10. The Spirit Catches You and You Fall Down revolves around a small child who for much of the book is too young to speak for herself, and at the end is unable to. Do you nonetheless feel you know Lia Lee? Do you believe that even though she cannot walk or talk, she is a person of value? Why?
11. In chapter 8, after describing Foua’s competence as a mother and farmer in Laos, Fadiman quotes her as saying, “I miss having something that really belongs to me.” What has Foua lost? Is there anything that still “really belongs” to her?
12. How do you feel about the Lees’ reluctance to give Lia her medicine as prescribed? Can you understand their motivation? Do you sympathize with it?
13. In chapter 7, Neil Ernst says, “I felt it was important for these Hmongs to understand that there were certain elements of medicine that we understood better than they did and that there were certain rules they had to follow with their kids’ lives.” Why didn’t this message get through to the Lees? If you were Neil, would you feel this way too?
14. In chapter 15, Foua, who has heard that one of the Ernst sons has leukemia, embraces Peggy. After all the conflict between them, why are they finally able to resolve their differences? Do you think this could have happened earlier?
15. Since the publication of the book, Anne Fadiman has said that if she lived in Merced, she would choose Neil and Peggy as her children’s pediatricians. Would you?
16. Fadiman describes May Ying Xiong as not just an interpreter but a cultural broker. What’s the difference? What were May Ying’s contributions to the book?
17. Were you surprised by the quality of care and affection given to Lia by her foster parents? How did Lia’s foster parents feel about Foua and Nao Kao? Was foster care ultimately to Lia’s benefit or detriment?
18. The only American who fully won the Lees’ trust was Jeanine Hilt, their social worker. Why did Jeanine succeed where so many others had failed?
19. The book contains brief but important sections on three Hmong leaders --- Jonas Vangay, Blia Yao Moua, and Dang Moua --- who are multilingual and gainfully employed. What did they teach Fadiman? Why did she include them?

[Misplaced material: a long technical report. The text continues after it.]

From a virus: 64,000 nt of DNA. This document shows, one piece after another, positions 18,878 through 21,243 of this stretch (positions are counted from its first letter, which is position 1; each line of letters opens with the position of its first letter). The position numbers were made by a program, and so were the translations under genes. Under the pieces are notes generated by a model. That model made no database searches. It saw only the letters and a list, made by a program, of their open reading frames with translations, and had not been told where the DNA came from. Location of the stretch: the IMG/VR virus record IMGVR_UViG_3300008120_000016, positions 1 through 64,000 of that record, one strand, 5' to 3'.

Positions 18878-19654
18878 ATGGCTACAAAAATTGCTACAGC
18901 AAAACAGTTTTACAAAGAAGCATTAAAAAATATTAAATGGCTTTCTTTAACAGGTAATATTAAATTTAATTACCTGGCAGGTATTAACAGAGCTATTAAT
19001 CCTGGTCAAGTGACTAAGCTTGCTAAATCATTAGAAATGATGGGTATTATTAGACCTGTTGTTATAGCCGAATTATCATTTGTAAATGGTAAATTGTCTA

20. How might this book have been different if it had been written by a Hmong? A doctor? An anthropologist?
21. From a writer’s point of view, what are the advantages and disadvantages of being an outsider in the two cultures Fadiman explores?
22. “The spirit catches you and you fall down” is a literal translation of the Hmong phrase for epilepsy. Why do you think the author chose such a long and difficult title?
23. The book has an unusual structure: Lia’s story occupies the odd-numbered chapters, and background material occupies the even-numbered chapters. Why do you think Fadiman organized her narrative this way?
24. At the beginning of chapter 2, Fadiman tells the story of a Hmong student who gave an oral report on Fish Soup. What is the concept of “fish soup,” and how is it reflected in the book itself?
25. One of the ways by which Fadiman places the doctors and the Lee family on equal footing is her decision to refer to all of them by their first names (instead of saying, for instance, “Dr. Ernst”). What are some other ways?
26. Many readers have commented that The Spirit Catches You and You Fall Down is a book without villains. Do you think that from a literary point of view this is a flaw?
The Spirit Catches You and You Fall Down: A Hmong Child, Her American Doctors, and the Collision of Two Cultures
by Anne Fadiman
- Publication Date: April 24, 2012
- Paperback: 368 pages
- Publisher: Farrar, Straus and Giroux
- ISBN-10: 0374533407
- ISBN-13: 9780374533403